The other day I was explaining an idea I had to a friend of mine, who lives a gazillion miles away from me. I realised verbally articulating it wasn’t working, so decided to take a screen-grab of a sketch I’d made of my concept and sent it to her.
Waiting on her to marvel at my work of brilliance, I was taken aback when instead she exclaimed in hushed tones, “Is that what your handwriting looks like? I’ve never seen it before.”
It seems ludicrous that despite her and I having known each other for almost a decade, participating in weekly 2 – 4 hour phone conversations and countless daily instant messaging chats, she hadn’t ever seen my handwriting before.
How had that happened?
Reflecting on this anomaly I was reminded of a night I was trawling the corridors of Twitter when I came across some rather distressing tweets from a then-colleague. As I mentioned in a recent blog post, I don’t mess around when I see someone in distress that falls on what I consider to be “the suicidal spectrum” and that’s what I came across. This colleague had an open profile and was sharing some pretty sad and intimate details about their life to about 300 people that evening (most of whom were perfect strangers) and yet, in real life was one of the most private and emotionally distant people I had ever met.
I remember responding to one of their more distressing messages and affirming that they were not alone and that they mattered. I also made a mental note to make time to have a chat with them the following day, to make sure they were okay.
The next day the strangest thing happened, upon catching them alone making coffee I broached the topic of their late night tweets and was coldly rebuffed and informed that it was “no thing”. It seemed that it was one thing to the share private information to an audience of strangers on Twitter and another to have a one-on-one conversation with an empathetic party.
All these memories and insights led to me believe that despite having so many ways to communicate and reach each other, we as a species are failing spectacularly at true intimacy and being connected, more than ever.
I love WhatsApp’ing as much as the next person, but I really prefer phone calls. Hearing the subtle modulations in the timbre of someone’s voice, depending on the time of the day you catch them, can tell you more than a string of emojis can.
My inbox gets flooded on a daily basis by communications that rarely get me excited about, well anything. However, I can’t tell you the last time I received a handwritten letter via post. I miss being mesmerised by the stamps in the top right-hand corner (that always offer a clue as to whom the sender of the correspondence could be) and I miss trying to decipher someone’s handwriting, no matter how cryptic or badly formed their cursive is.
Only a daily basis we are afforded a front row view into the lives of many individuals via social media. We know what they do for a living, their children’s names, their favourite colours, their passions, their passing fancies, their pain and what they value above all else. I follow a lot of individuals on multiple platforms whose thoughts, pictures and captions grab my heart and leave me equal parts inspired and wistful. Yet, despite all this visual data and shared insights I know that no matter how personal the sentiment or the shot shared, the truth is that 95% of the events that take place in these peoples live, that are never captured by tweet or camera, and these most of the time are the ones that truly count – the ones that don’t require any form of validation from curious eyes.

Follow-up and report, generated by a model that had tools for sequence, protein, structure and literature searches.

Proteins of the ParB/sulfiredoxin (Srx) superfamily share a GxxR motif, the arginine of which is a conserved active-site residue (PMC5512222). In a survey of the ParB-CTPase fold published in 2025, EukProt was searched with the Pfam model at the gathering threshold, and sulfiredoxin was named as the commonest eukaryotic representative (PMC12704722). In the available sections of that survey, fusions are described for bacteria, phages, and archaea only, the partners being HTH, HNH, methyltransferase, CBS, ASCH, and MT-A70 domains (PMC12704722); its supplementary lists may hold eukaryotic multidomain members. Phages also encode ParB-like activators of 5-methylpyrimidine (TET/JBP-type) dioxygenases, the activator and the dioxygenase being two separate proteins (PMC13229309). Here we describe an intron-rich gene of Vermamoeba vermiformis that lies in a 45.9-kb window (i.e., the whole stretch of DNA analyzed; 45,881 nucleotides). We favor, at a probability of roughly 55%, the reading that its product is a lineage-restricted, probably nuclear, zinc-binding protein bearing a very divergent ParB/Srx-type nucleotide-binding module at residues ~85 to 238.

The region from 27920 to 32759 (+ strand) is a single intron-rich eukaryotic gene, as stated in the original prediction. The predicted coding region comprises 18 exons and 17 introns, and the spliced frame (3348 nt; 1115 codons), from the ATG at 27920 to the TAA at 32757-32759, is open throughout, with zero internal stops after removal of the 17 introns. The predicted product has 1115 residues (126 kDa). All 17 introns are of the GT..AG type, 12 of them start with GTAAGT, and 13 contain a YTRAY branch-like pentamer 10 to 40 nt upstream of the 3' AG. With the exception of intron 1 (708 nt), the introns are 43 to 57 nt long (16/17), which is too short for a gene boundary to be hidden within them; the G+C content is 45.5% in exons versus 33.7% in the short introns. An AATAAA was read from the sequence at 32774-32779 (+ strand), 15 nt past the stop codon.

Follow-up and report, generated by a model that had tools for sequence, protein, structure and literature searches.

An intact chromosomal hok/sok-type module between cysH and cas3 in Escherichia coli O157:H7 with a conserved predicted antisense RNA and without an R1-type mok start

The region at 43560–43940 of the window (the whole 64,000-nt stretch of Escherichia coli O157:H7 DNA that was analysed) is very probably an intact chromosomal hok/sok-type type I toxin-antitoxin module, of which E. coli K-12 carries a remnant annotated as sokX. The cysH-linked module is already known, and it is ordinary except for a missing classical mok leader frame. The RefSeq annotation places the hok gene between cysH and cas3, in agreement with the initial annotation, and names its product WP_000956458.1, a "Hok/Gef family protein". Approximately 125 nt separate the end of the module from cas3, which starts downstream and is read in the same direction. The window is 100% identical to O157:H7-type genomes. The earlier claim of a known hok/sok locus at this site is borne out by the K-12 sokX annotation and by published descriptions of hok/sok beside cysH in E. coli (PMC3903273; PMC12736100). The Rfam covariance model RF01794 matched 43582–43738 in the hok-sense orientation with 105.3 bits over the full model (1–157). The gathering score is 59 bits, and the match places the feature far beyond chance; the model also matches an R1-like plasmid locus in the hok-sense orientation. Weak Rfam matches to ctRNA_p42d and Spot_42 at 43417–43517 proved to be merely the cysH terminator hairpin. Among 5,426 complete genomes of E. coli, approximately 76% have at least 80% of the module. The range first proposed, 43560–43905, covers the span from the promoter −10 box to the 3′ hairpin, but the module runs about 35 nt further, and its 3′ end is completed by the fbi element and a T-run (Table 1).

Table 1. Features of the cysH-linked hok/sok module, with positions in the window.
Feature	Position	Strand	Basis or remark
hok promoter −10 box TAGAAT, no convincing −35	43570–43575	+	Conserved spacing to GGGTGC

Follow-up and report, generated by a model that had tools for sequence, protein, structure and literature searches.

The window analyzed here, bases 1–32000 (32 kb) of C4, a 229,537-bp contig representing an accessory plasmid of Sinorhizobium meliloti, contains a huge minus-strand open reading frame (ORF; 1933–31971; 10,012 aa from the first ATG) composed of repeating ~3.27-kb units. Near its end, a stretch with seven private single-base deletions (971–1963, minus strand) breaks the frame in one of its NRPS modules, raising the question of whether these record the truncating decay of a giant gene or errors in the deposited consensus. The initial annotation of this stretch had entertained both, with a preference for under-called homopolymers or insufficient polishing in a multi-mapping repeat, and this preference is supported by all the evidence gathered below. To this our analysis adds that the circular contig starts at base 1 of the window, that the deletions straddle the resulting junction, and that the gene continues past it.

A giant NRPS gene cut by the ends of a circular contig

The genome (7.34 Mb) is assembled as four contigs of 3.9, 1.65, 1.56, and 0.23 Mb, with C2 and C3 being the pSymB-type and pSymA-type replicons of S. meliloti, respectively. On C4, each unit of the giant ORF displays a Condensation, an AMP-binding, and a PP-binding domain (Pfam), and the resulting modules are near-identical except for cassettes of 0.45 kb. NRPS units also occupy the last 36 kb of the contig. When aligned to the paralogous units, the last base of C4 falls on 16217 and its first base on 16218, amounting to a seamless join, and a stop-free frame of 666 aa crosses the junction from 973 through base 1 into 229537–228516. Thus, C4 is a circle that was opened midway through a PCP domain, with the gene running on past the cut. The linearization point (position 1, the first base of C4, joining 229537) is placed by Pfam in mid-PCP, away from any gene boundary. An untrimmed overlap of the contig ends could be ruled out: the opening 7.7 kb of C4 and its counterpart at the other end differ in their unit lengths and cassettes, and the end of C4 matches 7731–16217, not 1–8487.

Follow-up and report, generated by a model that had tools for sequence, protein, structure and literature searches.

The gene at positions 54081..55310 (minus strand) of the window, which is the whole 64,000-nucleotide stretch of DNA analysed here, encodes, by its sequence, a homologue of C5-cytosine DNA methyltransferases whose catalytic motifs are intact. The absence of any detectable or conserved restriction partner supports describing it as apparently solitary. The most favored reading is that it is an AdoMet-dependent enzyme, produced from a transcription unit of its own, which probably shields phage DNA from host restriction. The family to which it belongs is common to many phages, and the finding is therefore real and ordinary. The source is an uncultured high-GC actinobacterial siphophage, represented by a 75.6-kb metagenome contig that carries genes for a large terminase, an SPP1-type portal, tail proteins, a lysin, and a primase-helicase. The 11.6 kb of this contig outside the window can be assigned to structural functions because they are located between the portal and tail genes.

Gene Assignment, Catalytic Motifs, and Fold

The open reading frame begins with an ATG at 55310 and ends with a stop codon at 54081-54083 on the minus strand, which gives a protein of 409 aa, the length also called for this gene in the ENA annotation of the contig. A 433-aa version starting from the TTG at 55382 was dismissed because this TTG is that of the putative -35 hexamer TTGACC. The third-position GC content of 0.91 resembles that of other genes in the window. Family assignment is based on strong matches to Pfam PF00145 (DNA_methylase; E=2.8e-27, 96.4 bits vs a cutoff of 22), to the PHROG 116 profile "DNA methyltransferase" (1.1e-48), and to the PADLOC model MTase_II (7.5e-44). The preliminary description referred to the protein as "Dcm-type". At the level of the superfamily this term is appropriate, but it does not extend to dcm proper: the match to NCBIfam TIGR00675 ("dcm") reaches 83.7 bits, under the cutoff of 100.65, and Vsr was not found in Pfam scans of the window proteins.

You know the moments I’m talking about, the ones when you believe no one is paying attention, when you drop your guard and go about the business of doing life and speaking your mind – in solitude or in company. You aren’t #flawless in these moments, you’re better than that…you are real and unfiltered. These are the truly intimate moments that the privileged few have access to (sans accompanying duckface, of course).
When I was looking for an accompanying picture to go with this post I plugged in “intimacy” on Google images and was bombarded with black & white stills of half clad couples in some embrace of some sort. Although I believe that intimacy can be physical I do not believe that it should be confined to that definition or be synonymous with relationships of a romantic nature or some form of nudity. It’s limiting and begs redefinition.
For goodness sake, we live in a world where we are more likely to see someone naked or receive unsolicited pictures of their genitalia than we are to see (or recognise) their handwriting.
It’s utter madness!
So more face-to-face chats and fewer phone calls;
More phone calls and fewer instant messages;
More long-winded text messages
and fewer emoji-only responses;
More handwritten letters and fewer emails;
More rambling conversations and less self-editing;
More happy tears, sad tears & no-freaking-way tears and less apathy;
More moments lived in and less focus on capturing a moment; and
For the love of all that is good,
more sincere personal connections
and less dick/vag pics!